France emerged from the chaos of its revolutionary period as the most liberal large state in Europe. Louis XVIII governed France as a Constitutional monarch. He agreed to observe the “Charter” or Constitution of the Restoration period. Limited royal power. Granted legislative power. Protected civil rights. Upheld the Napoleon Code. Louis XVIII (r )

20 The Count of Artois, the future King Charles X (r. 1824-1830)
The “Ultras” France was divided by those who had accepted the ideals of the Fr. Revolution and those who didn’t. The Count of Artois was the leader of the “Ultra-Royalists” Bicameral Legis. House of Peers- chosen by king House of Deputies- limited franchise The Count of Artois, the future King Charles X (r )

21 France: Conservative Backlash
1823 triumph of reactionary forces! Fr troops were authorized by the Concert of Europe to crush the Spanish Revolution and restore another Bourbon ruler, Ferdinand VII, to the throne there. 1824 L 18 Kicks the bucket Charles X New King

22 King Charles X of France (r. 1824-1830)
His Goals: Lessen the influence of the middle class. Limit the right to vote. Put the clergy back in charge of education. Public money used to pay nobles for the loss of their lands during the Fr Revolution. His Program: Attack the 1814 Charter. Control the press. Dismiss the Chamber of Deputies when it turned against him. Appointed an ultra-reactionary as his first minister. Limited royal power. Granted

23 King Charles X of France (r. 1824-1830)
1830 Election brought in another liberal majority. July Ordinances He dissolved the entire parliament. Strict censorship imposed. Changed the voting laws so that the government in the future could be assured of a conservative victory.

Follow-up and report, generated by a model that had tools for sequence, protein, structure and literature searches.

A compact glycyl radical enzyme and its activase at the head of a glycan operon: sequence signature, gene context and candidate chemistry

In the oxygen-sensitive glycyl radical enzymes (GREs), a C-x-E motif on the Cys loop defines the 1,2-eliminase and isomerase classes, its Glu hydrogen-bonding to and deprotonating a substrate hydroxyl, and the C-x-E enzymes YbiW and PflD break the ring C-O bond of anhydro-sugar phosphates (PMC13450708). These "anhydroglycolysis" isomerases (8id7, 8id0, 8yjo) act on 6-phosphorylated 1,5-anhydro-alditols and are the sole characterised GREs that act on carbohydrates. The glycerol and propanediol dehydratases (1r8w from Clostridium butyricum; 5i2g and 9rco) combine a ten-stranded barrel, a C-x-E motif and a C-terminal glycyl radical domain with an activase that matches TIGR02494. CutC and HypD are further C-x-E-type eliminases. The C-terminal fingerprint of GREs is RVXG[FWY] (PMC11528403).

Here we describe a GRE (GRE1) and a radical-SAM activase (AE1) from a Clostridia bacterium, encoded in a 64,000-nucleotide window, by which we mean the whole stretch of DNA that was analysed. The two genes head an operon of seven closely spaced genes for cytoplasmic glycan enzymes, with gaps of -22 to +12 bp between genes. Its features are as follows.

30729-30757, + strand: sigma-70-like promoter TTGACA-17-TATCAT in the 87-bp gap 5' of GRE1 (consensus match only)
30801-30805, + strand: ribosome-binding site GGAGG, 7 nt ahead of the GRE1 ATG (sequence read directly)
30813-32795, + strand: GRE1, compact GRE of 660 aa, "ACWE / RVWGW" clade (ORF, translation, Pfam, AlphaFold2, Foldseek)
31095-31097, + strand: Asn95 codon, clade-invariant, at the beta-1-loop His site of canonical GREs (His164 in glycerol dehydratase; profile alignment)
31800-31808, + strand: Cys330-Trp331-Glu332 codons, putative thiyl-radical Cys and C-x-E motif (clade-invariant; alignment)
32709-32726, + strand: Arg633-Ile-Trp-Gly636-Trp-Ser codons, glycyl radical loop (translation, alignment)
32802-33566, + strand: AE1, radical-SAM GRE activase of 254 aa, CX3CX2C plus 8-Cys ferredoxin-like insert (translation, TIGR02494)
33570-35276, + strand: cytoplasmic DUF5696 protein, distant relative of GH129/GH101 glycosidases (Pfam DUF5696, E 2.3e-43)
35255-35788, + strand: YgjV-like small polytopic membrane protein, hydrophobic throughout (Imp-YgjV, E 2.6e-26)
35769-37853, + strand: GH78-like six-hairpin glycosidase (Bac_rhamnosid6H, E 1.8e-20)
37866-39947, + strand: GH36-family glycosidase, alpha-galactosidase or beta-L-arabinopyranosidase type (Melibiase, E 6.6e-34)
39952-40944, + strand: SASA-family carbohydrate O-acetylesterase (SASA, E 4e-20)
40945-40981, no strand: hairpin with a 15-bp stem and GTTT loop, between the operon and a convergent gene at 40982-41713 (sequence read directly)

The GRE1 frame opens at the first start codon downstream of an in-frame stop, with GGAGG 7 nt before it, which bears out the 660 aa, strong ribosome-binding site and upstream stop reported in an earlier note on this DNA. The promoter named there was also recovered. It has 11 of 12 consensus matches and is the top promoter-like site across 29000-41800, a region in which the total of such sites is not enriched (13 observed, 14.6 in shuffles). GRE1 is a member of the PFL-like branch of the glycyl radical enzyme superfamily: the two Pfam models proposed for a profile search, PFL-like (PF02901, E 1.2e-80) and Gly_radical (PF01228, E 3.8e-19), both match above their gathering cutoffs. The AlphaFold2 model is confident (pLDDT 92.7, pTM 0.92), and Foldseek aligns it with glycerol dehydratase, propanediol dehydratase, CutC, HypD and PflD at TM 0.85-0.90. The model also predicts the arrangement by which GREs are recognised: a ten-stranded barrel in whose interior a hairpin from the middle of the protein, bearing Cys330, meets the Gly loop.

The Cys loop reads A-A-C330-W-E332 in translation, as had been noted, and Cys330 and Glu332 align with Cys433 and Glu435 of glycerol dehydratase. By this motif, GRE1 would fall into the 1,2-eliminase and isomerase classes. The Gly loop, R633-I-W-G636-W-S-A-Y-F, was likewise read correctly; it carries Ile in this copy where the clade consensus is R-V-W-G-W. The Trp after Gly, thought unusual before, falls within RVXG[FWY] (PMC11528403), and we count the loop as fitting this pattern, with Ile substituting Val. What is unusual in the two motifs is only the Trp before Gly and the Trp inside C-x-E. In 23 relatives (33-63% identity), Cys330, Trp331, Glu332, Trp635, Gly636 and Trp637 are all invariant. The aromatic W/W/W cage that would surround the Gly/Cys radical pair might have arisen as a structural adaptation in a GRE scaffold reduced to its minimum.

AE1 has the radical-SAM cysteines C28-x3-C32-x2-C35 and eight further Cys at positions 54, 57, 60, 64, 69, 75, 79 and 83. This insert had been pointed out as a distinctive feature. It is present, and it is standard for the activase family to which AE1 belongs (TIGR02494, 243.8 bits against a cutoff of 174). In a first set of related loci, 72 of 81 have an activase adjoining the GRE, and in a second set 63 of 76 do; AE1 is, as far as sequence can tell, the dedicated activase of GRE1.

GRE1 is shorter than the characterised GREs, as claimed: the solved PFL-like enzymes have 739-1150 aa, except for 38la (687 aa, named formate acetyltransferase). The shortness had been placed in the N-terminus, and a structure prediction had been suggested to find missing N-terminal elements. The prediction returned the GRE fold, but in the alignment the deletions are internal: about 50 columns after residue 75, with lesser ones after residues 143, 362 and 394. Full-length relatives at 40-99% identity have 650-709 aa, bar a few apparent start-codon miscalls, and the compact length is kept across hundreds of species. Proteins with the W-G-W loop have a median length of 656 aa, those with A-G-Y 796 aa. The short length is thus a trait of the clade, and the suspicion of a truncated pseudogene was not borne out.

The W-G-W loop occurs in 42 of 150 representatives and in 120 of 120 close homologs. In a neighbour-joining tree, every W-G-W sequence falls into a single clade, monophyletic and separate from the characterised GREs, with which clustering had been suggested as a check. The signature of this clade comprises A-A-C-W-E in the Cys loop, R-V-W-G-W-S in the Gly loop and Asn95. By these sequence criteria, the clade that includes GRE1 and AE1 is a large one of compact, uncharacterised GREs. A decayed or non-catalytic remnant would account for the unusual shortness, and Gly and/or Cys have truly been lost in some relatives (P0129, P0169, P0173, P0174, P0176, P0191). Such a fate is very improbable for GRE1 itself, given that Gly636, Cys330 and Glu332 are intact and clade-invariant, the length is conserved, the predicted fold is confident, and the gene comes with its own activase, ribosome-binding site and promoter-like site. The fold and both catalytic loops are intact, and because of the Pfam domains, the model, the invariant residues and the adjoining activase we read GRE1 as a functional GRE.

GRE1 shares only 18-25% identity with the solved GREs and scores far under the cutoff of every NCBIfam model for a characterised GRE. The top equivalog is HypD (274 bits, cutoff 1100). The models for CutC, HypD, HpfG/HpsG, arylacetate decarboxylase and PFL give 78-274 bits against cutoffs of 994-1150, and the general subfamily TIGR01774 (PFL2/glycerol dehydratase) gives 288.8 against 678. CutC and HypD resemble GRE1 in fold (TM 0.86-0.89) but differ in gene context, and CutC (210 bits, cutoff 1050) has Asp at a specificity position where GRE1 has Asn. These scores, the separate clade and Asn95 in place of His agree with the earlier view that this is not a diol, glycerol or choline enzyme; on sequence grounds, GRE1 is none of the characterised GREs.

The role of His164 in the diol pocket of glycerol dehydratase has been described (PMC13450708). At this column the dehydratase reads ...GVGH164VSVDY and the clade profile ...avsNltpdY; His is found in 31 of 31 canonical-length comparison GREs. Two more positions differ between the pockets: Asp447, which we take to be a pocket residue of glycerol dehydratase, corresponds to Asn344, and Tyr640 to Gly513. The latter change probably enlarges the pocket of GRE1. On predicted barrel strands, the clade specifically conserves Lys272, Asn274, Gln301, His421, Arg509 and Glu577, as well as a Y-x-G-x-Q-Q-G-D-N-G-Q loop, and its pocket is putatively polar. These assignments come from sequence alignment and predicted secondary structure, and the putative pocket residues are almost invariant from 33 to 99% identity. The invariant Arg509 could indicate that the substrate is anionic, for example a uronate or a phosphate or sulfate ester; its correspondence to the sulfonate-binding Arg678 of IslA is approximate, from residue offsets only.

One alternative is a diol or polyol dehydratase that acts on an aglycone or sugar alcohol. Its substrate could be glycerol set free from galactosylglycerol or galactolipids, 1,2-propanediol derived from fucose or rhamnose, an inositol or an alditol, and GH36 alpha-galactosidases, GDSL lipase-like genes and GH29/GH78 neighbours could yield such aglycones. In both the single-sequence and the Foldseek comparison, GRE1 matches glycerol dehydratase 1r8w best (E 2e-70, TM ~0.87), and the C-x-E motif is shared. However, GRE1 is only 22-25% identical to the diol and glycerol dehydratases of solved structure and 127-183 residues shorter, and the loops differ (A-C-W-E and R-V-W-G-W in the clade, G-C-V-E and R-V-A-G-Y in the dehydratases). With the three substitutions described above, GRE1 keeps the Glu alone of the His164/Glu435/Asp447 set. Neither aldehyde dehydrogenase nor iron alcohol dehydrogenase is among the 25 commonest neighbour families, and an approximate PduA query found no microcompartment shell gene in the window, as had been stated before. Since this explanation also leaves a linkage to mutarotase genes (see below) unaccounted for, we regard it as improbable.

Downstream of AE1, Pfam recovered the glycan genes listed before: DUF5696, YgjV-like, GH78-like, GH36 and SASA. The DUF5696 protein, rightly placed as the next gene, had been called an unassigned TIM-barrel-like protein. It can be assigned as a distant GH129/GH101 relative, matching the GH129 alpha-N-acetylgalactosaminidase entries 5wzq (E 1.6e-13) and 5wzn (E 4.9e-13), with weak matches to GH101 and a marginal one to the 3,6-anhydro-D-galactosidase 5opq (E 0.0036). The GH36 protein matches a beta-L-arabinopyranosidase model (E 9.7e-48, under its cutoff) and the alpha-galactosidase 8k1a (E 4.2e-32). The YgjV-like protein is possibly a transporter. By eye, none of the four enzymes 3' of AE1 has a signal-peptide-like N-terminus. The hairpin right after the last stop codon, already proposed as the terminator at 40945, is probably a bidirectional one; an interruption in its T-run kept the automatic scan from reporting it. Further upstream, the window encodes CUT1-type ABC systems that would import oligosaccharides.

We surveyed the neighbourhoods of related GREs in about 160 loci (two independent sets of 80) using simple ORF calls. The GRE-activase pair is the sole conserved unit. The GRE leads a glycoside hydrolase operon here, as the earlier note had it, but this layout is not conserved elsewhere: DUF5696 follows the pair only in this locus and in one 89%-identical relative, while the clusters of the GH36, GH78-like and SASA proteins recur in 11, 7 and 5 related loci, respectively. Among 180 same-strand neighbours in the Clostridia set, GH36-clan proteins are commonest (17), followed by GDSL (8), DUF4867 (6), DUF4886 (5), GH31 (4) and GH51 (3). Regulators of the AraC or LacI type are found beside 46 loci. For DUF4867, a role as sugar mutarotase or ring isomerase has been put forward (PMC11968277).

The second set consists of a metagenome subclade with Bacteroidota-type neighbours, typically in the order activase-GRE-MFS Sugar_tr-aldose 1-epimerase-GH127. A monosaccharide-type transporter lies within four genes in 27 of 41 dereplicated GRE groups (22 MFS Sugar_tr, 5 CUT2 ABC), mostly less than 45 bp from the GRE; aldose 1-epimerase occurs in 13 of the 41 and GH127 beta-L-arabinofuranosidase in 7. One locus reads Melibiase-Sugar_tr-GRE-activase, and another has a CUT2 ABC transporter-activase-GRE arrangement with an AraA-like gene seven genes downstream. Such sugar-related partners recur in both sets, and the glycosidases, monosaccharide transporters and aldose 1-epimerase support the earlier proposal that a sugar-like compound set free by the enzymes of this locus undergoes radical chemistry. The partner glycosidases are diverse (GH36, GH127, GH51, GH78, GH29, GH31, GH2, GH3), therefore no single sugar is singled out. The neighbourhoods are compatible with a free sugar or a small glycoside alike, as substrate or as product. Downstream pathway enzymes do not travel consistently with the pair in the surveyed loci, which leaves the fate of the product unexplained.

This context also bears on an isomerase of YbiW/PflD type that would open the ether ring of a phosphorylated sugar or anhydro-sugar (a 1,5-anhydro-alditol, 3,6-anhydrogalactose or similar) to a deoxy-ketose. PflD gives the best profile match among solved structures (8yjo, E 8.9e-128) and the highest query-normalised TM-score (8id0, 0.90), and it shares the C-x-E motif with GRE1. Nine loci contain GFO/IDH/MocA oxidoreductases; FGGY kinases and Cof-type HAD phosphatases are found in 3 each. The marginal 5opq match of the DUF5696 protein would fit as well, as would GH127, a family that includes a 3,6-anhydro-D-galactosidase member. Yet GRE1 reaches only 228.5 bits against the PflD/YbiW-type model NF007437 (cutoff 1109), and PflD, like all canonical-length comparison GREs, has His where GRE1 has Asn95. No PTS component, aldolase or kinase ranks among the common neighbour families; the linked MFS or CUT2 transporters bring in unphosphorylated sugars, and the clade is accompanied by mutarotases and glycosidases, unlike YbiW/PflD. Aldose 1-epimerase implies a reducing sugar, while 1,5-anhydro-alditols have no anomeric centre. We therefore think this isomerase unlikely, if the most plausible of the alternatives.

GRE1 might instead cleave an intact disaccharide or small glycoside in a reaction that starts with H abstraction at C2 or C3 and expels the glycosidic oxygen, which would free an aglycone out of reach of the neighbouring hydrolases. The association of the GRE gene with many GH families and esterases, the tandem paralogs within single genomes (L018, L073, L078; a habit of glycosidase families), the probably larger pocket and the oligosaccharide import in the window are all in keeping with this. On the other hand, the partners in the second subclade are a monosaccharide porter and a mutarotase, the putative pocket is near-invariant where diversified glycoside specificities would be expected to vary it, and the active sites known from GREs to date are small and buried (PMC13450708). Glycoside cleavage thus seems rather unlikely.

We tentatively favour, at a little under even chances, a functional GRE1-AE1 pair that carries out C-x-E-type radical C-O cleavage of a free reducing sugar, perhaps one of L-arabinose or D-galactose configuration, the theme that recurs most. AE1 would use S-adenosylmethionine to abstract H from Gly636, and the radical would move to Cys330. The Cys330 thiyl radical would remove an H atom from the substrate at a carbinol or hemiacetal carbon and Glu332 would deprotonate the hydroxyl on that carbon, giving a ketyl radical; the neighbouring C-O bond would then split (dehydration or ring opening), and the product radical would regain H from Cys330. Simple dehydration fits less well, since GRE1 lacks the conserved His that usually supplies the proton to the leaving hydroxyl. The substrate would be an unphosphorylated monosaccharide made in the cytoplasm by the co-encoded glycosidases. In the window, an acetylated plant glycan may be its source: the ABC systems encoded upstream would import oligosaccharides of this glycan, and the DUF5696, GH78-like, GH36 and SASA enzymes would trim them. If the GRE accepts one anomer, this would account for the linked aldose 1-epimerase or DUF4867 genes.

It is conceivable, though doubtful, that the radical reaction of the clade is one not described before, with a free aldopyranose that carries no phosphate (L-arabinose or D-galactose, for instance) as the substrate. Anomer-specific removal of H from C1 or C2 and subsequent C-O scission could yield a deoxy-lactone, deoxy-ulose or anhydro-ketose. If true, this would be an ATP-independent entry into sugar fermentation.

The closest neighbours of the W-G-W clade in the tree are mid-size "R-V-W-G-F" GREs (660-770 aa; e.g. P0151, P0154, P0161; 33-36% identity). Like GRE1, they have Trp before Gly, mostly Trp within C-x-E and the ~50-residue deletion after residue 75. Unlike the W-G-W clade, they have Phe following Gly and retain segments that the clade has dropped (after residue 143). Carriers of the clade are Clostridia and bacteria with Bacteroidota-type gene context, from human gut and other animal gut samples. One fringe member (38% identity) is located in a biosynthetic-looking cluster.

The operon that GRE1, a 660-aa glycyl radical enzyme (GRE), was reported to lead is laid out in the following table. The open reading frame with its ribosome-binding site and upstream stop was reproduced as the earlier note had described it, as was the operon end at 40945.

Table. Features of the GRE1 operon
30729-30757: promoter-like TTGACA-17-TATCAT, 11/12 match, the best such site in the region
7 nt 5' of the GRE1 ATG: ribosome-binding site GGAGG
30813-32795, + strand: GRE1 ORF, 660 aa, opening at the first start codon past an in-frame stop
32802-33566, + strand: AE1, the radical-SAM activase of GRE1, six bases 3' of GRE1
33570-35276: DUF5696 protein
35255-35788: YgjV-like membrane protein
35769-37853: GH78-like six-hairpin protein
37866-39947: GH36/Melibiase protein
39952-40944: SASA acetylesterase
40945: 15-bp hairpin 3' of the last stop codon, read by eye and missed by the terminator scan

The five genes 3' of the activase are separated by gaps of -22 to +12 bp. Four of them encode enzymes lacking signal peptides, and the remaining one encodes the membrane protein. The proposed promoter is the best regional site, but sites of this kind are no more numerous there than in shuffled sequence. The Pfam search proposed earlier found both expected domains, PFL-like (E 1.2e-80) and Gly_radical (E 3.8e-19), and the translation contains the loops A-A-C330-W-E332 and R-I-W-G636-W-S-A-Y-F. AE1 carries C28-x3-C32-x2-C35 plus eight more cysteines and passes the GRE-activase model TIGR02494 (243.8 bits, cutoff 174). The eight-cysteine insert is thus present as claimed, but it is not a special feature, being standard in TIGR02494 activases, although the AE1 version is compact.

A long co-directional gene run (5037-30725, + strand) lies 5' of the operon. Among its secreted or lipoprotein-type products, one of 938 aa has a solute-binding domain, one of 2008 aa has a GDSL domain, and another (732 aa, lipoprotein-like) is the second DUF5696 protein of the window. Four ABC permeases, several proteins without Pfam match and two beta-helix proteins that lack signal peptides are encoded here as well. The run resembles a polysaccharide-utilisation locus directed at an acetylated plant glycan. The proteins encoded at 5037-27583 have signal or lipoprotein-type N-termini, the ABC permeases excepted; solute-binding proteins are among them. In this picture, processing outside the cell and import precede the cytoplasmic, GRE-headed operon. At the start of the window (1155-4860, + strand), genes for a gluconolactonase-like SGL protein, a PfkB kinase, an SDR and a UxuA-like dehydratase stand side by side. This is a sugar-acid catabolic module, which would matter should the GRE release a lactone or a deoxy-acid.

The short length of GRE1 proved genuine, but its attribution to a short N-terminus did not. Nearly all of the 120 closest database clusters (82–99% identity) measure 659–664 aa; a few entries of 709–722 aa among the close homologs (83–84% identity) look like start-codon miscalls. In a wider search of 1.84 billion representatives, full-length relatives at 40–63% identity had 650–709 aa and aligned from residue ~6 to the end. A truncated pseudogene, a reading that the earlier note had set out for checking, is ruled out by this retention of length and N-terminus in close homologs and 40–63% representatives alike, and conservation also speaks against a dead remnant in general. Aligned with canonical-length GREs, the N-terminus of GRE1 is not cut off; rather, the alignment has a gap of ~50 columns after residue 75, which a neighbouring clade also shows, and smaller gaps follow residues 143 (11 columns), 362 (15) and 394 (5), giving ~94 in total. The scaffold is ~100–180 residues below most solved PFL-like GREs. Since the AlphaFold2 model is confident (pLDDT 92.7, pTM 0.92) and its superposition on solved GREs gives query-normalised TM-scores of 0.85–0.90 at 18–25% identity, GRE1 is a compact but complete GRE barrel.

24 To the Barracades  Revolution, Again!!
Workers, students and some of the middle class call for a Republic!

25 Louis Philippe  The “Citizen King”
The Duke of Orleans. Relative of the Bourbons, but had stayed clear of the Ultras. Lead a thoroughly bourgeois life. His Program: Property qualifications reduced enough to double eligible voters. Press censorship abolished. The King ruled by the will of the people, not by the will of God. The Fr Revolution’s tricolor replaced the Bourbon flag. The government was now under the control of the wealthy middle class. (r )

26 Louis Philippe  The “Citizen King”
His government ignored the needs and demands of the workers in the cities. They were seen as another nuisance and source of possible disorder. July, 1832  an uprising in Paris was put down by force and 800 were killed or wounded. 1834  Silk workers strike in Lyon was crushed. Seething underclass. Was seen as a violation of the status quo set down at the Congress of Vienna. A caricature of Louis Philippe

27 Belgian Independence, 1830 The first to follow the lead of France.
Its union with Holland after the Congress of Vienna had not proved successful. There had been very little popular agitation for Belgian nationalism before  seldom had nationalism arisen so suddenly. Wide cultural differences: North  Dutch  Protestant  seafarers and traders. South  French  Catholic  farmers and individual workers.

28 Europe in 1830

29 The Results of the 1820s-1830 Revolutions?
The Concert of Europe provided for a recovery of Europe after the long years of Revolution and Napoleonic Wars. The conservatives did NOT reverse ALL of the reforms put in place by the French Revolution. Liberalism would challenge the conservative plan for European peace and law and order. These revolutions were successful only in W. Europe: Their success was in their popular support. Middle class lead, aided by the urban lower classes. The successful revolutions had benefited the middle class  the workers, who had done so much of the rioting and fighting, were left with empty hands! Therefore, these revolutions left much unfinished & a seething, unsatisfied working class.